Blood transfusions are an important way to replace lost blood, often saving lives in the worst possible circumstances. However, not all people can afford the procedure. Patients with rare blood types may not be able to meet these requirements. What if patients could have blood from a laboratory?
The U.K. National Health Service (NHS), announced Monday it had begun a clinical study in which researchers will administer laboratory-grown blood cells to patients. Notably, this is the first time ever that red blood cells grown in a lab will be given to another person as part of a blood transfusion trial.
The study–called the RESTORE trial–is a joint research initiative between the NHS Blood and Transplant (NHSBT) and the University of Bristol, as well as various researchers at the University of Cambridge.
A YouTube video from NHS explains how RESTORE, a clinical trial, was set up by the University of Bristol to evaluate whether laboratory-grown blood cells can be as good or better than those produced in the body. We hope that the cells will be more effective because they are so fresh and ready to use. This will make it a first in the world. “We’ve taken cells from the donor, and put them in a donor who’s not related to us. They’ve been matched,” said he.
These cells don’t just come from a laboratory. They’re red blood cells grown from human blood stem cells, specifically CD34+ cells isolated from adult donor blood. The NHSBT blood donor database was used to recruit donors. Using stem cells allows researchers to pretty much conjure up whatever type of blood cell type they need, with the hope that it won’t be rejected by the body.
As Troye explained in a follow-up email with Motherboard, laboratory-made blood has been transfused before through autologous transfusion, in which researchers utilized stem cells from a donor and then put the lab-grown red cells back into the person. This is however the first allogeneic transfer of blood to another individual.
“Most blood donations are allogenic. The trial that we’re doing here is allogenic. We take the donor cells and put them in another person to see their performance vs. what the red cells produced by the body. (The order in which the patients receive the transplants will depend on how the clinical trials have been conducted).”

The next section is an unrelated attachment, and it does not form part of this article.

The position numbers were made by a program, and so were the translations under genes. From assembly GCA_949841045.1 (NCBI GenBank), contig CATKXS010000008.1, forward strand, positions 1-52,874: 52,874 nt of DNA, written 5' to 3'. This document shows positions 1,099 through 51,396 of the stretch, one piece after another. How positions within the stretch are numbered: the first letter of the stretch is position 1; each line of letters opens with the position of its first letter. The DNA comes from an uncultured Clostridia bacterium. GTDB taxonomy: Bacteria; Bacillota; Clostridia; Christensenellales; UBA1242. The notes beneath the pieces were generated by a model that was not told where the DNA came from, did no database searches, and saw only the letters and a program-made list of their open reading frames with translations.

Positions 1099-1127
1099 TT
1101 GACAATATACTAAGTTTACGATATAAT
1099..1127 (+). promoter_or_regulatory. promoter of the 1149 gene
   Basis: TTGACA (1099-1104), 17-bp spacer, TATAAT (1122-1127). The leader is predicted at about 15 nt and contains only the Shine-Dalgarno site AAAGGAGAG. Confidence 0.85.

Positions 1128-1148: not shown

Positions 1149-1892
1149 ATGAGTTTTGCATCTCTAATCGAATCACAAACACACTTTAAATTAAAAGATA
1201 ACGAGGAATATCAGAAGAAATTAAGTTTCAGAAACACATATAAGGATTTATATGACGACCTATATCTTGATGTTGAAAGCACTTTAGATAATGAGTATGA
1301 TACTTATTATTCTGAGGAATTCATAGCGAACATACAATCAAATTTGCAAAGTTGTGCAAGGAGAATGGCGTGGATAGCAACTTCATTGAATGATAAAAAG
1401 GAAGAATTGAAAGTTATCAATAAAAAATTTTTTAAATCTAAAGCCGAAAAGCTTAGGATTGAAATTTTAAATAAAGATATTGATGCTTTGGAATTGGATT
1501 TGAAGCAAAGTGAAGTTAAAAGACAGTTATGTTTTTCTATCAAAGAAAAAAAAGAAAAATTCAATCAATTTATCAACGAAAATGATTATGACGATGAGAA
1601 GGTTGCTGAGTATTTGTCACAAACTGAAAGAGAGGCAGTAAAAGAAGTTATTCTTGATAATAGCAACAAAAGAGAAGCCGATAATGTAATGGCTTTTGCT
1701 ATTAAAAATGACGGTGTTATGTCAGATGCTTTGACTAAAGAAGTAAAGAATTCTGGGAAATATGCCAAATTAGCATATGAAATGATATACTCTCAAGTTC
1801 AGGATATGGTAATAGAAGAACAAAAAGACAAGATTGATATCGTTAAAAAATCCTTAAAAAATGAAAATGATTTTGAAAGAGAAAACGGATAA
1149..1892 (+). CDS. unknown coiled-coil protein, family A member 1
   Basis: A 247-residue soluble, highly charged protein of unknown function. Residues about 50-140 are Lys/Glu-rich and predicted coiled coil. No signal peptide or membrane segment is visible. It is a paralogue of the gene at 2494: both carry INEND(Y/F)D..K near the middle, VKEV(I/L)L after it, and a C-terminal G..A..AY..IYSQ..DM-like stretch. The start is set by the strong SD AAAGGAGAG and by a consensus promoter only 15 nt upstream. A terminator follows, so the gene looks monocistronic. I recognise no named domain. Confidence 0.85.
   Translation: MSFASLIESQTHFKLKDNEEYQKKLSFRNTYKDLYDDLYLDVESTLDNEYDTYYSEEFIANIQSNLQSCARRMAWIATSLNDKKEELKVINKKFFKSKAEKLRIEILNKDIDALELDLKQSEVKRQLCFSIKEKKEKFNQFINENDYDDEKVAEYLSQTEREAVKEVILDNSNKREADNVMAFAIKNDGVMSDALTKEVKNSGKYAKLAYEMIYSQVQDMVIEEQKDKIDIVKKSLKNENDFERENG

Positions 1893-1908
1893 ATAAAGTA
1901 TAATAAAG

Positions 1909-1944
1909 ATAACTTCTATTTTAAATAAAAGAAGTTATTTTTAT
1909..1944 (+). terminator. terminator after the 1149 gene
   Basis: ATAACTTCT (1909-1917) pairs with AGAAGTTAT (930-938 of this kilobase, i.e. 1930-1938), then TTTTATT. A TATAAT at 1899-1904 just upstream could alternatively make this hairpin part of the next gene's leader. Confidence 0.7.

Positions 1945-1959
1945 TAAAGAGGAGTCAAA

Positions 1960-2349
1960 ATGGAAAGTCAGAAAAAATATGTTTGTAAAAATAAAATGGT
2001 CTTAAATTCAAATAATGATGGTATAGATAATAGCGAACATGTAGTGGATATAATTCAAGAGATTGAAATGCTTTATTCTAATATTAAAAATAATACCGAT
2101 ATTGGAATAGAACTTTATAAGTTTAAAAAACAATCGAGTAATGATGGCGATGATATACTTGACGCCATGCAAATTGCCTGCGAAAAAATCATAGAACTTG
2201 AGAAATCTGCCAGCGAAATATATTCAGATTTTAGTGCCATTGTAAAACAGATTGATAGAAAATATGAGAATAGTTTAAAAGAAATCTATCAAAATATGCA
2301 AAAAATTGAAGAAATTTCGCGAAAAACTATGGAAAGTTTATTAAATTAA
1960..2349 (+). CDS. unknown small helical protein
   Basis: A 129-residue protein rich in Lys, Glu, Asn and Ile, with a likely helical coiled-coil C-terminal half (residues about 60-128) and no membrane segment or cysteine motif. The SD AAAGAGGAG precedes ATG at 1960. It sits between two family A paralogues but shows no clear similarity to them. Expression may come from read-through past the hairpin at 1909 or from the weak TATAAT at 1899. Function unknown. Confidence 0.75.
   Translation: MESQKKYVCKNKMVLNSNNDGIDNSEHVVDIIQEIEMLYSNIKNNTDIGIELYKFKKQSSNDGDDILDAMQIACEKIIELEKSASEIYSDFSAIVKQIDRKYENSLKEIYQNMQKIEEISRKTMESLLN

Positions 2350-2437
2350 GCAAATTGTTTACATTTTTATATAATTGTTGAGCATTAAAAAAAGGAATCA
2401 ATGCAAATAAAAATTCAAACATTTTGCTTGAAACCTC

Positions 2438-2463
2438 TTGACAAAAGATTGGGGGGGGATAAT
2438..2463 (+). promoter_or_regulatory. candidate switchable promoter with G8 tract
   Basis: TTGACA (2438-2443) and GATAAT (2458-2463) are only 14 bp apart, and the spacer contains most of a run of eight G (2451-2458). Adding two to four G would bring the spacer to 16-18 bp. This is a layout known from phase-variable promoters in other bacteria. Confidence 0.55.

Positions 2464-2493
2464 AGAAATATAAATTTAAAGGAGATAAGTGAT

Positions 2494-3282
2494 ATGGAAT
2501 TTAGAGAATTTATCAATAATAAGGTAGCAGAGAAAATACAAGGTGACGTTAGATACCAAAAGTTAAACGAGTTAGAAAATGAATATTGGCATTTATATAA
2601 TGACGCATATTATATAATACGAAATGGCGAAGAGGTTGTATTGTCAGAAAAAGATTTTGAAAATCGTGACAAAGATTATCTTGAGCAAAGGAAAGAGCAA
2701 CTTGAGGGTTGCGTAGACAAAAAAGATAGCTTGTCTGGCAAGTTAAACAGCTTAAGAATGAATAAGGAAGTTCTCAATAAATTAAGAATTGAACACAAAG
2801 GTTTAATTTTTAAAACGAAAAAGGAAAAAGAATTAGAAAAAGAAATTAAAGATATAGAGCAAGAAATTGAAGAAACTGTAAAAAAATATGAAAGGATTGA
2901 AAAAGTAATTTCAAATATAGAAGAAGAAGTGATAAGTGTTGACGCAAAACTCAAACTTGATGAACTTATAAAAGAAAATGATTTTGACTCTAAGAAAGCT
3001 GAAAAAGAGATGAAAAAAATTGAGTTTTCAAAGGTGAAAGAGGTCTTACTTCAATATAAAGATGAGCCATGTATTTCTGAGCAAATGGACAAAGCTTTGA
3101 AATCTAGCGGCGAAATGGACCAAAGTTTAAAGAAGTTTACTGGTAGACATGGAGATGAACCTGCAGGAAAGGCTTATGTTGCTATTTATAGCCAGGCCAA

Loye also explained that the trial builds on preclinical work published in 2017, where researchers compared stem-derived cells in a mouse model versus donated blood. Toye points out that the mouse model of stem-derived cells is not suitable for study because the mice don’t recognise them.
The group has already transfused mini doses into two recipients with lab-grown red blood cells, but the rest of the trial will continue over the next few months. According to the press release, the study will recruit a minimum of 10 participants, who will receive two mini-transfusions at least four months apart (one of the standard donated red cells and one of lab-grown red cells). Further trials will be necessary before this method is implemented on a wide scale.
However, if the manufactured red blood cells do indeed outlast the standard ones, this could have implications for individuals with blood disorders, rare blood types, or complex transfusion needs.
“This world-leading research lays the groundwork for the manufacture of red blood cells that can safely be used to transfuse people with disorders like sickle cell,” Dr Farrukh Shah, Medical Director of Transfusion for NHS Blood and Transplant, said in a statement provided by a NHS spokesperson. “The need for normal blood donations to provide the vast majority of blood will remain. But the potential for this work to benefit hard to transfuse patients is very significant.”
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